When I do good, I feel good. When I do bad, I feel bad. That’s my religion. – Abraham Lincoln
I was raised in a passive-aggressive Roman Catholic household. While I was never forced to attend church every weekend, religion played a big part in my upbringing. I understood the importance of all the religious (Catholic) holidays. I was taught to fear God but not the people who worshiped him -or her. I grew up loving Jesus even though I had no idea why. At the root, I was raised with a Catholic conscience yet I never deeply understood it. As I grew older, the concept of directing my life around the teachings of a book written by fallible human beings nearly 3,000 years ago plunged me into confusion. Many worldly conflicts have been rooted by the religious division; this “fighting for peace” mentality simply blows my mind. I am a peaceful soul, so I have no grasp of fighting another human being over a higher power or even worse, the interpretation of how to meet said higher power. Somehow, somewhere, my moral compass sided to be more on “inclusion” rather than “exclusion” when it comes to the treatment of others and our differences. With most religions solely focused on being “right one”, how would I ever commit to knowing that I chose it? Just because my family told me? Naaa, I’m not buying it.
As I became more aware of the do’s and don’ts of a Catholic lifestyle, my spiritual beliefs began to erode quickly. I was taught to treat women with respect and to treat them as equals and to which I am grateful. Yet here was my religion excluding women from any position of power within the church. More confusion about my religion arose when it is clear that being gay is a general no-no. I was sexually abused by another man, does that make me gay? Even if it did, what is so bad about being gay? The ironic part was that I was abused by the man who was teaching me most of my religious lessons. My confusion lies within the hypocrisy of it all. I don’t even want to get started about priests who molest children. I understand that people can screw up in life, but when the church generally just pays off it’s victims, sweeps the allegations under the rug and makes no noticeable change within it’s policies; I have lost all hope of ever following the Catholic lifestyle.
During my mid to late 20’s I had gone through a period of religious renewal. Being a child who wanted to please his parents, I believed that I could give religion another chance. I began to attend services at the local Wesleyan church. I still had deep difficulties loving and believing in Jesus, but I gave it my best shot. While I was trying my best to follow the word of another about someone I could never know, I did appreciate the Wesleyan way of caring for one other. Ultimately, we ended up getting our son christened at this church -more to please my family instead of following any real devout ritual. While I didn’t attend services regularly, I still kept in touch with the church by attending services on the major holidays. Then I got the bill in the mail. At the time I had worked directly across the street of the Wesleyan church that I was attending. I got to see all of the upgrades, renovations and upkeep that the church was doling out on a regular basis. When I saw a very intricate fountain-pond being installed, I began to question what it was that this church stood for. When I got that plea in the mail to donate more money to the church, I quickly realized that my ticket to heaven was paved by the amount of money I brought to the table. I instantly soured on that church and I have never been back.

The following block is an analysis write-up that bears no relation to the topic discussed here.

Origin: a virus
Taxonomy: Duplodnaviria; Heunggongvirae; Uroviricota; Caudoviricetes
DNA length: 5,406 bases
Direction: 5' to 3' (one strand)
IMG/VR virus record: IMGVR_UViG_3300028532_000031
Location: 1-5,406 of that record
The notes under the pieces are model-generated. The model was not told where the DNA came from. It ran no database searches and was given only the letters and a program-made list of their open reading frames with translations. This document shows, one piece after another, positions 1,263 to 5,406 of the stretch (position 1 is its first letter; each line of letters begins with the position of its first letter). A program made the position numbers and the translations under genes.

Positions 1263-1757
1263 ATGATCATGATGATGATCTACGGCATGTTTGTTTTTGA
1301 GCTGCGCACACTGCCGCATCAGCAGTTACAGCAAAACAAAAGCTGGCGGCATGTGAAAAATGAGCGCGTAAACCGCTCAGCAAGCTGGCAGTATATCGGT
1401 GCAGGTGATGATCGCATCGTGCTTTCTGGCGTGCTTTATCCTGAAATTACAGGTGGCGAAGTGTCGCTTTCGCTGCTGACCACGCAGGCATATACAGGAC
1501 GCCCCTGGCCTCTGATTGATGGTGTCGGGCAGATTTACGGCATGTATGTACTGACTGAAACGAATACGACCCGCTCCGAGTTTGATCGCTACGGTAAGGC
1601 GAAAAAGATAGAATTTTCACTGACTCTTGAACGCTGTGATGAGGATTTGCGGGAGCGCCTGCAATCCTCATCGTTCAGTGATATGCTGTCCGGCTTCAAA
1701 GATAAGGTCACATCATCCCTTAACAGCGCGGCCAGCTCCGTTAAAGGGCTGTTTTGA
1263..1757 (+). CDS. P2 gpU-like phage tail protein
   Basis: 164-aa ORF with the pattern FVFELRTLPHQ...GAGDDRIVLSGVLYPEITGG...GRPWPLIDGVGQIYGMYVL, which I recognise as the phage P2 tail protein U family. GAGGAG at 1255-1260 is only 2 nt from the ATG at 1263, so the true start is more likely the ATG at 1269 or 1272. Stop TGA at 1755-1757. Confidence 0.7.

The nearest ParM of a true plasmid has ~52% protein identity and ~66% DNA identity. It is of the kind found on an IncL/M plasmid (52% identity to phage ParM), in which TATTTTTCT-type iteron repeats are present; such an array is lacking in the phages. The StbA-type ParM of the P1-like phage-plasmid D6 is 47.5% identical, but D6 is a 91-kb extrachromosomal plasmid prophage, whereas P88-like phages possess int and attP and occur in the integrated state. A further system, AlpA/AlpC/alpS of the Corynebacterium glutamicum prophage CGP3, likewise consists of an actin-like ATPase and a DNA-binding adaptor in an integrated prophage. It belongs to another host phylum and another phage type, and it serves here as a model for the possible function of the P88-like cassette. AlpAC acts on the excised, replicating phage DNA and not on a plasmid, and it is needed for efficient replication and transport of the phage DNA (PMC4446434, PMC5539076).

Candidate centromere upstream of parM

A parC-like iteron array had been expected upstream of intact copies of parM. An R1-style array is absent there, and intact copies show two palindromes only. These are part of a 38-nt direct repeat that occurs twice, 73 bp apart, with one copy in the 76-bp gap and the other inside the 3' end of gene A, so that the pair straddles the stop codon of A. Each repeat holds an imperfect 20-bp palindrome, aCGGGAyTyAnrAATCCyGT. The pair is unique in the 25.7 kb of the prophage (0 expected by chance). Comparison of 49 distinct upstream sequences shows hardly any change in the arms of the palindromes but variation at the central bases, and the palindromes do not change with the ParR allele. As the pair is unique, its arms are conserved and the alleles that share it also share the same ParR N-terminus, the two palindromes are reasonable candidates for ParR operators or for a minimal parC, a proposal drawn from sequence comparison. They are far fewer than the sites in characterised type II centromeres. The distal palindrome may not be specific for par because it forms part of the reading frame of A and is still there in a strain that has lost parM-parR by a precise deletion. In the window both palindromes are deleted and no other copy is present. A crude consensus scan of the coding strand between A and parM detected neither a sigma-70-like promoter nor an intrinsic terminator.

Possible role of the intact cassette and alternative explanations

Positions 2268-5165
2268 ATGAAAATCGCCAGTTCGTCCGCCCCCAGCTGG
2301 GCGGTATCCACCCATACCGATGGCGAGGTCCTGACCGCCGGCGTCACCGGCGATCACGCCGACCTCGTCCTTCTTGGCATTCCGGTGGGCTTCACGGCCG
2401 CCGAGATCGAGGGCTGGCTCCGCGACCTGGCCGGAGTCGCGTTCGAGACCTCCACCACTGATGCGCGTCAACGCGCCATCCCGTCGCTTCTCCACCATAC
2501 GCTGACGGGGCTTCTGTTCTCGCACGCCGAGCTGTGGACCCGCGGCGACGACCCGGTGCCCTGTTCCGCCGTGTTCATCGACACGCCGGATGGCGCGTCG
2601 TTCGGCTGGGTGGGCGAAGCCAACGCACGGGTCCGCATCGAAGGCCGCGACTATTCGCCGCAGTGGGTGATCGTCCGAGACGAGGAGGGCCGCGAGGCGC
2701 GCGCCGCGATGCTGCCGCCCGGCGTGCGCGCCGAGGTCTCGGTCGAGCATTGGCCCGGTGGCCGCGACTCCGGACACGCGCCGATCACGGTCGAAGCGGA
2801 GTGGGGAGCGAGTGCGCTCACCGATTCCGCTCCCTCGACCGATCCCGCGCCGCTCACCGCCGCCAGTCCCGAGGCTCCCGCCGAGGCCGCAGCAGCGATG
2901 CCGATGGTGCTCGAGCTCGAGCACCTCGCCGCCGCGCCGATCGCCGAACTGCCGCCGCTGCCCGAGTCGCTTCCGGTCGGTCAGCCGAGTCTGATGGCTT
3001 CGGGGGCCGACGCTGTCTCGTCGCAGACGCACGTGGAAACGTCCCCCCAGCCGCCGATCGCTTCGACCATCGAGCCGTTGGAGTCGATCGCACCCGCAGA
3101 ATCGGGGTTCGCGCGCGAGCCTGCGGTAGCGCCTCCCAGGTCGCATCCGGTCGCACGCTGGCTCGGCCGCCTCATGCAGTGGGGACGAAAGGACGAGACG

So here I am, in my late 30’s. While I do have hope that there is a great afterlife and a God somewhere awaiting my arrival. I believe that there is no definitive way to prove the existence of a God during our lifetime. Some will point out that all of the inexplicable great things that occur are a direct result of our faith. I respectfully disagree. It is my fate and not my faith that guides me through my life. When I am good to others, good things will happen to me. When I do bad, bad things will happen. It is the give and take, yin and yang cycle of our lives. Do onto others and forgive, be patient and believe in the goodness in everyone. Live with good purpose and die with great dignity.
I know this blog post may disappoint some of you and I make no apology for that. What I am trying to convey is that life is not about whose religion is more superior than another. Life it comes down to how we treat one another despite our differences. It is not about condemning those who believe or those who do not. If you love Jesus, I am truly happy for you. I make no judgement but I will hold you accountable to your actions. I have lived my life being color blind and I cannot distinguish between two shades of blue. Does that make me blind? No, I have 20/20 vision. Would you judge me based on my color palette? Probably not. Then don’t judge me based on my reluctance to accept religion. My color blindness is simply my brains interpretation of color. Likewise, my agnostic lifestyle is simply my mind’s interpretation of my afterlife -not yours. It is not a definition of who I am or the basis of how I act. I simply seek to treat others as they treat me.